WWE Monday Night Raw results and observations (3/20/17): No spear can hold The Undertaker down

From an in-ring standpoint, this week’s episode of Raw was not a good show.

Most of the matches were short and largely didn’t mean anything. The matches mostly felt like filler segments in between WWE’s attempts to further its major stories heading into WrestleMania.

However, from the standpoint of furthering its stories less than two weeks before the biggest event of the year, WWE did a pretty good job, which made this episode of Raw somewhat salvageable.

It still wasn’t a great show, especially when you consider how close we are to WrestleMania, but it served its purpose in adding chapters to some of the major stories and angles.

I do not think I’m alone in thinking that WWE should be hitting on all cylinders by this time of the year, but part of me thinks that WWE was saving its big guns for next week’s episode of Raw, which as I said earlier is the final episode before WrestleMania.

That is good news for me personally, as that show will be at the Wells Fargo Center in Philadelphia.

So for the fans in Brooklyn, they received a run-of-the-mill show. Do not fret, Brooklyn faithful. We in Philadelphia were in the same position last year when the penultimate edition of Raw before WrestleMania was in our neck of the woods, and that was a lackluster effort from WWE, too.

Before I go further into my analysis, here are the full match results from the Barclays Center in Brooklyn, N.Y.:

- Samoa Joe def. Sami Zayn

- Charlotte Flair def. Dana Brooke

- The Brian Kendrick def. T.J. Perkins

- Nia Jax def. Bayley

-  Sheamus & Cesaro def. Enzo Amore, Big Cass, Karl Anderson & Karl Anderson

- Austin Aries def. Tony Nese

- Braun Strowman def. Roman Reigns via disqualification

The Undertaker survived the spear

One of the stories WWE furthered Monday night was the ongoing one between The Undertaker and his WrestleMania opponent, Reigns, when the former showed up during Reigns’ match against Strowman.

The match itself between Reigns and Strowman was nothing we haven’t already seen from the two, so forgive me for not going in-depth about it.

However, just when Reigns was setting up to hit Strowman with a spear, The Undertaker’s gong went off in the Barclays Center and the lights went out. When the lights came back on, The Undertaker was standing in the middle of the ring between Reigns and Strowman.

The Undertaker took his sweet time in soaking up the crowd reaction from the Brooklyn fans before he thwarted an attack from Strowman and choke slammed him.

The Undertaker then either winced in pain or he said to himself “Oh, crap!” for making the mistake of turning his back on Reigns before he turned around and walked right into a spear.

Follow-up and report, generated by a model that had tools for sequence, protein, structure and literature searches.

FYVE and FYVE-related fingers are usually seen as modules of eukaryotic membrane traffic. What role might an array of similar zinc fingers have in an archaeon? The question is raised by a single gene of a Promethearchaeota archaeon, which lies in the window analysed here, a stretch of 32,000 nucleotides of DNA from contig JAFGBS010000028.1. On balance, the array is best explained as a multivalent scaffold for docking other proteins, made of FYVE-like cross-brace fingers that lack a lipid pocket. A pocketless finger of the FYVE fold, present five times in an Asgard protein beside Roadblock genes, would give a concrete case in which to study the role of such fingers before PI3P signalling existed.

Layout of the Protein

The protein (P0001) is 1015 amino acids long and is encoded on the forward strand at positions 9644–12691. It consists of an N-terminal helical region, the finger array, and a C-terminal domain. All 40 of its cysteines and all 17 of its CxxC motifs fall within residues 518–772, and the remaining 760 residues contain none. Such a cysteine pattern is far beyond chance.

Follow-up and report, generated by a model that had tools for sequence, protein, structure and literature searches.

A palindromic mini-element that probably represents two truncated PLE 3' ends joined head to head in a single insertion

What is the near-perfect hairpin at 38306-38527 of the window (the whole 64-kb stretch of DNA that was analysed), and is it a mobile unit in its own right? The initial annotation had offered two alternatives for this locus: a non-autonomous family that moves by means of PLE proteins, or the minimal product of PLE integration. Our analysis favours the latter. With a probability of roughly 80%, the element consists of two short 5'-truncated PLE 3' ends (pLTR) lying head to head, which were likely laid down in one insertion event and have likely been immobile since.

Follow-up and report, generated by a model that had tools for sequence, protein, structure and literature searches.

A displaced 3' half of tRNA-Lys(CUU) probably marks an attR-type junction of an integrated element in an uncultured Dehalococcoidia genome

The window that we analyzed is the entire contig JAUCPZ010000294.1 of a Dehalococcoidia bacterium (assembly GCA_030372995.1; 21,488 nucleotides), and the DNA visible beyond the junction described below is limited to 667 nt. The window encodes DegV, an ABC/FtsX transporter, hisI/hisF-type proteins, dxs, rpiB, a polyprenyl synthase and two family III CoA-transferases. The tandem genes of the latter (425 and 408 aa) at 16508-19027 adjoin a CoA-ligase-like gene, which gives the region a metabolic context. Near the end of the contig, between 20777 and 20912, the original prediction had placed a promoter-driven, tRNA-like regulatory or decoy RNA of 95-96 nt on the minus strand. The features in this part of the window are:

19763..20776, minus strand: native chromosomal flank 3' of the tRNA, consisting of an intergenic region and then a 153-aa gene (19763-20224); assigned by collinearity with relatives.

Reigns left the ring with a sense of pride and turned around to revel in his work only to find The Undertaker back on his feet and signaling that the end was near for WWE’s next golden boy.

There wasn’t anything elaborate here and there really doesn’t need to be. The story here is simple: Reigns claims the ring as his yard proverbial yard, but the original owner of said yard, The Undertaker, isn’t quite ready to give it up yet. Thus, they clash.

I know that story doesn’t lend itself to having a ton of depth, but a story like this doesn’t really need it. Like the band KISS once said, keep it simple, stupid, and that is what WWE is doing with this story.

Triple H makes an offer to Seth Rollins

Early in the show, Michael Cole interviewed Seth Rollins’ physical therapist Kevin Wilk, who said that Rollins’ knee injury was re-aggravated as result of being beaten down by Triple H last week.

Because of that, Wilk said that no doctor in the country would clear Rollins to wrestle at WrestleMania.

That sounded like bad news for Rollins, as his hopes of getting his hands on Triple H were seemingly dashed. That was until Triple H, of all people, offered Rollins a chance to do that later in the show.

After a long and pretty good speech, Triple H offered Rollins a chance to face him in an unsanctioned fight at WrestleMania, but only if he signs a hold harmless agreement next week on Raw that will clear Triple H and WWE of any injuries Rollins may incur during the fight.

I have a feeling that Rollins will sign the agreement and will take part in the fight.

I’m not sure if an unsanctioned fight was WWE’s original plan or not, but it does add a unique element to the feud and WrestleMania as a whole. The Rollins-Triple H encounter could be just another match on the card, but this will at least feel a little different from the others being as though it is an unsanctioned fight.